• I wouldn’t say I have any proper regrets but in the middle of my trip, I got this vomiting virus and couldn’t eat for three days. You feel pretty lonely being ill in a foreign country and it puts things in perspective.
  • Even after all these complaints and dissatisfactions, I’m still going to do it again in a few months. I’m hoping Budapest in February will be a more suitable destination for me.

I hope you enjoyed this second post about my travels in Berlin. You can also read the first one if you missed it. As always, don’t hesitate to contact me if you have any questions about freelancing. 

Worst digital nomad ever: travels in Berlin

A digital nomad is a remote worker who doesn’t live at a fixed residence. They normally travel around the globe to various cool locations such as Thailand and South America to soak up local culture and meet other nomads.

I’ve come to Kreuzberg, Berlin, which is quite a popular digital nomad destination.

Indeed, I’ve already met almost all the possible stereotypes – a digital nomad, startup founder and a jewellery designer.

The scene is very cool and I definitely don’t fit in!

As a result, I’ve come up with quite a few reasons why I’m possibly the worst digital nomad ever.

  1. I don’t really like being away from home. I find it stressful rather than exciting.
  2. I don’t particularly like meeting new people. I mean, they’re ok. But I like the people I already know.
  3. Learning how to navigate is stressful. I’m not very good at crossing the road or catching the bus at the best of times. Throw in a foreign environment and language, and I’m surprised I’m still alive.
  4. I don’t like eating many types of food. I’m pretty fussy and I want to know exactly what’s in my food before I touch it.
  5. I don’t actually like cities. In fact, my next location is going to be a village at the foot of the Yorkshire Dales, and I’m really looking forward to it.
  6. I’m awful at languages, with many aborted attempts to learn a second tongue. I can say a few basic words in Cantonese, German and French, and that’s it.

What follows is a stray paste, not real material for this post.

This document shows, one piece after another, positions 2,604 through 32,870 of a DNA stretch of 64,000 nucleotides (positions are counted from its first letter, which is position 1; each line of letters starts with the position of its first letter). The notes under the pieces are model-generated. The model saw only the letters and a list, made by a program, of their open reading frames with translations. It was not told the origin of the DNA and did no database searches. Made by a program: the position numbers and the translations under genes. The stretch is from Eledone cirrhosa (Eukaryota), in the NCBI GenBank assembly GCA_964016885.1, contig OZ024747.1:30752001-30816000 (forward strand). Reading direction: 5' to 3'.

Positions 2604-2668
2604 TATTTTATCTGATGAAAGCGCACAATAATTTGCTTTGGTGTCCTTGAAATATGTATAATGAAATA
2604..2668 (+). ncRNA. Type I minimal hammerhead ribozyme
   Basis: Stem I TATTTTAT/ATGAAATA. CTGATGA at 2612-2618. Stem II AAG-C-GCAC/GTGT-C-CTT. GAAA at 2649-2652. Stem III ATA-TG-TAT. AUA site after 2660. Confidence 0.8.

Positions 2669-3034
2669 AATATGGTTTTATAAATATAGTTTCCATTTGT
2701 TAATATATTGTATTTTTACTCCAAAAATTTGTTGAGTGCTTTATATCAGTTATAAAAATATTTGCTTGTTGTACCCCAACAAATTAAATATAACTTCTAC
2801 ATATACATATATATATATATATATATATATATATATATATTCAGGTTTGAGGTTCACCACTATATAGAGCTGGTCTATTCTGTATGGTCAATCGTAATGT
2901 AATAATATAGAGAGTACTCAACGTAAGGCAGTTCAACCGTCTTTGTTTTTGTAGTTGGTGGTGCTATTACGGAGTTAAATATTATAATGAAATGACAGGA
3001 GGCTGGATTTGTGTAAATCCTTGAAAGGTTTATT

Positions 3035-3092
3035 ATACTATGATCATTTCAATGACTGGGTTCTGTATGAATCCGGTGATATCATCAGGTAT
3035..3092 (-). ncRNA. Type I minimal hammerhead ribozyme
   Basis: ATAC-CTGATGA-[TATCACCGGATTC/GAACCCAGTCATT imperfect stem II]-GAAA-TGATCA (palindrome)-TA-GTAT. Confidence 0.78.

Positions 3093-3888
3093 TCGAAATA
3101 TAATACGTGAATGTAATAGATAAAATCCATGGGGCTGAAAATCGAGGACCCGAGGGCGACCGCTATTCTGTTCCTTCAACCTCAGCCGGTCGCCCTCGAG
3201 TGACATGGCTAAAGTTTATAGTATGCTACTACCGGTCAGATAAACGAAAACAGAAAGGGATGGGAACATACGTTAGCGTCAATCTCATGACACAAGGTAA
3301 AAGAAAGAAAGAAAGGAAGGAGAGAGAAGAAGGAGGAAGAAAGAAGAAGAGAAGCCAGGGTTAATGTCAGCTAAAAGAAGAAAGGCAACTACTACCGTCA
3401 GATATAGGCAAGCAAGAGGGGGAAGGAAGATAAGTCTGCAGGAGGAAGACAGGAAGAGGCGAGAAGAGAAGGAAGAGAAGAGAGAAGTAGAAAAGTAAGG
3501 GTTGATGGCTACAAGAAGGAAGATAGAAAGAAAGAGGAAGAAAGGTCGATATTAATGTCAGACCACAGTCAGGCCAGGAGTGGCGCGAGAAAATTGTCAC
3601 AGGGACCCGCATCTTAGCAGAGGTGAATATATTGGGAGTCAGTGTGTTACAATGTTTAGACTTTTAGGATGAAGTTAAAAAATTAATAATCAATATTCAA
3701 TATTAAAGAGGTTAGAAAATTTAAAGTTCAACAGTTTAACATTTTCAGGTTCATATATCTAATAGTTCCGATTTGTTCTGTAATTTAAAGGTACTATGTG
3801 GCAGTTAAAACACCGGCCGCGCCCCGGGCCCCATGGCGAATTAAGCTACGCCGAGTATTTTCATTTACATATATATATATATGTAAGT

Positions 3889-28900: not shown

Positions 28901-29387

7. I think calling yourself a digital nomad is lame. It puts the focus on the wrong parts of the experience, as you’re not actually nomadic in terms of the digital technology, since it is by its very nature, global. A nomad is simply a nomad.

However, Berlin really is a great city and I’m staying in Kreuzberg, which is where all the hipsters live.



Image: The yellow S-Bahn on in Kreuzberg

I’ve seen everything from a raver peeing in daylight to people performing in front of oncoming traffic, amazingly beautiful billboards and someone buying me a meal at a kebab shop.



Image: here’s the billboard – no idea what it’s advertising but it looks lovely. 

I’ve met someone from Airbnb, eaten tons of mustard and drunk incredibly aromatic coffee.



Image: where I get my coffee on Eisenbahnstraße, staffed by pleasant hipsters

In all honesty, I’ve spent most of my time so far at the public library working on my freelance writing. It has awesome internet, especially compared to the Manchester public library (sorry, Manchester).



Image: the Kreuzberg public library

The truth is, I’m not that much of a party person these days. I have to work really hard to make sure my freelance writing career is successful. It’s not the easy ride I thought it would be.

On the other hand, I’ve still had the chance to compare two different brands of vodka, one from the fancy, trendy market where I live and the other from budget supermarket Morma.


Image: these two bottles of vodka were the same price! 

This is the first instalment of the thrilling tales of my travels. More to come!

Find it how I quit my job to become a full-time freelance writer, or check out my professional women in tech blog